Both here and abroad, students and scholars of constitutional systems inquire about the appearance before Congress by judicial officers on appropriations requests. They are fascinated by it. It is an excellent illustration of the checks-and-balances dynamic. Our request for funds to fulfill our constitutional duty is no formality. The requests and the legal dynamic are real. The process illustrates the tradition arrived at through centuries of mutual respect and cooperation. This tradition requires that the Judiciary be most cautious and circumspect in its appropriations requests. Congress, in turn, shows considerable deference when it assesses our needs. This is a felicitous constitutional tradition.
Mr. Chairman, the request to appear before your Committee gave us initial pause, for our recent custom has been to limit our appearances to those before the Appropriation Subcommittees. We should not put you in an awkward position by frequent appearances, and we think for the most part judicial administration matters should be left to the judges who are members of the Judicial Conference of the United States. Yet because of our respect for you and your Committee, and because of the importance of judicial independence in our own time and in our constitutional history, we decided, after discussion with the Chief Justice and other members of our Court, to accept your invitation. It is an honor to appear before you today.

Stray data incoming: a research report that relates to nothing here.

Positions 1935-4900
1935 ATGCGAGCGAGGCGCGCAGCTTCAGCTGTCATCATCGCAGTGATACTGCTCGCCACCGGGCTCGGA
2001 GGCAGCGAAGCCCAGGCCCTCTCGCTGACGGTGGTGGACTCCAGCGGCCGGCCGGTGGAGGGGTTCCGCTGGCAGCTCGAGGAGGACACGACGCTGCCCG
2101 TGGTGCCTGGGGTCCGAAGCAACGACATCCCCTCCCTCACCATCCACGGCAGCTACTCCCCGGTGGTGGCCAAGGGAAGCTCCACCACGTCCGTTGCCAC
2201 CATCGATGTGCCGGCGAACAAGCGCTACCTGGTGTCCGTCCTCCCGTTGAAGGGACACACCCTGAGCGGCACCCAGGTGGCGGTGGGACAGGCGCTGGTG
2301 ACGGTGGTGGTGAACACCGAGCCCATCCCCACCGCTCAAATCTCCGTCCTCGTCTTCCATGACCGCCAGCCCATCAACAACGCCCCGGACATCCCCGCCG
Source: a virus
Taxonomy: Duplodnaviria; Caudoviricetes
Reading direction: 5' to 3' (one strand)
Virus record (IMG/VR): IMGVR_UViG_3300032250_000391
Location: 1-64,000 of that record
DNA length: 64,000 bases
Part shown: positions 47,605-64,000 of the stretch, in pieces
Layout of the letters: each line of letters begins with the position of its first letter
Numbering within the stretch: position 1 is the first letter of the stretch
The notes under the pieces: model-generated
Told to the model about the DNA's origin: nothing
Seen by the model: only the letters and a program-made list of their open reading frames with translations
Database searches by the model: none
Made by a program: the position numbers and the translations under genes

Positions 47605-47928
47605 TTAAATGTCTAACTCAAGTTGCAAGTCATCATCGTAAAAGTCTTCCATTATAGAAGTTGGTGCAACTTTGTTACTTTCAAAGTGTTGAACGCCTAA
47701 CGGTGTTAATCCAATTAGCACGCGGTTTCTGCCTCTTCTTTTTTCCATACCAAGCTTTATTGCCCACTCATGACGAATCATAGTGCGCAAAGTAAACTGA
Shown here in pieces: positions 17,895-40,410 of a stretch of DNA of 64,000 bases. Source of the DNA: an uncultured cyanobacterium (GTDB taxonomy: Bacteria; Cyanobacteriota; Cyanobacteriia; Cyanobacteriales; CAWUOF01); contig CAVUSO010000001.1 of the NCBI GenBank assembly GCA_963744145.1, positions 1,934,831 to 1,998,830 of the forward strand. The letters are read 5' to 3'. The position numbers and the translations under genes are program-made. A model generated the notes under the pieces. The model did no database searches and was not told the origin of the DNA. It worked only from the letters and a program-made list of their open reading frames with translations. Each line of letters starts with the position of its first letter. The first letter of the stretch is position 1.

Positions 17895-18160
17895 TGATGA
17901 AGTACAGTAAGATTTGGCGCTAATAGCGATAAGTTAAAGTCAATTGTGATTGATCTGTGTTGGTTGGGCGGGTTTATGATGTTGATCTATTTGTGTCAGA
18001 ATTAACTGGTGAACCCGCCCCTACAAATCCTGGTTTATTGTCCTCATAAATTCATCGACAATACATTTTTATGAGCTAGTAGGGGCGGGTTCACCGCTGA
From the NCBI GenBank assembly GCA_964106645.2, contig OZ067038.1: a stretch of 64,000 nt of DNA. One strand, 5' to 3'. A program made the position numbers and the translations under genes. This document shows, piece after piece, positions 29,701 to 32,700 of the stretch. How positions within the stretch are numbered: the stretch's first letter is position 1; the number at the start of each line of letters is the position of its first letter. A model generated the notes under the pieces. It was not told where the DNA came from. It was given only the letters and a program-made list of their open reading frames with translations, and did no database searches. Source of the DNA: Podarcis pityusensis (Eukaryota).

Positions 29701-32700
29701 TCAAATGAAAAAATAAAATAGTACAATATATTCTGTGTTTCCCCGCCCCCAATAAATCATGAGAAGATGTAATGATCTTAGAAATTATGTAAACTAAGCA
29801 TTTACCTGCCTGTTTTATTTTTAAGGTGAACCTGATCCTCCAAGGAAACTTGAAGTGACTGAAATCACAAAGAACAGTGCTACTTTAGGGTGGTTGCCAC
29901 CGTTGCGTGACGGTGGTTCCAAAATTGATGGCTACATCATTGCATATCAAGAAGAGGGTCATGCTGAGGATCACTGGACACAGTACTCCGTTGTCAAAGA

The provision of judicial resources by Congress over the years is admirable in most respects. Your expeditious consideration of the pending court-security bill is just one example of your understanding of our needs. Our facilities have been, and are, the envy of the judiciaries of the several States and, indeed, of judges throughout the world. Our staff, our libraries, our electronic data systems, and our courthouses are excellent. These resources have been the special concern of Congress. Your interest, your oversight, and your understanding of our needs set a standard for our own States and for nations around the world.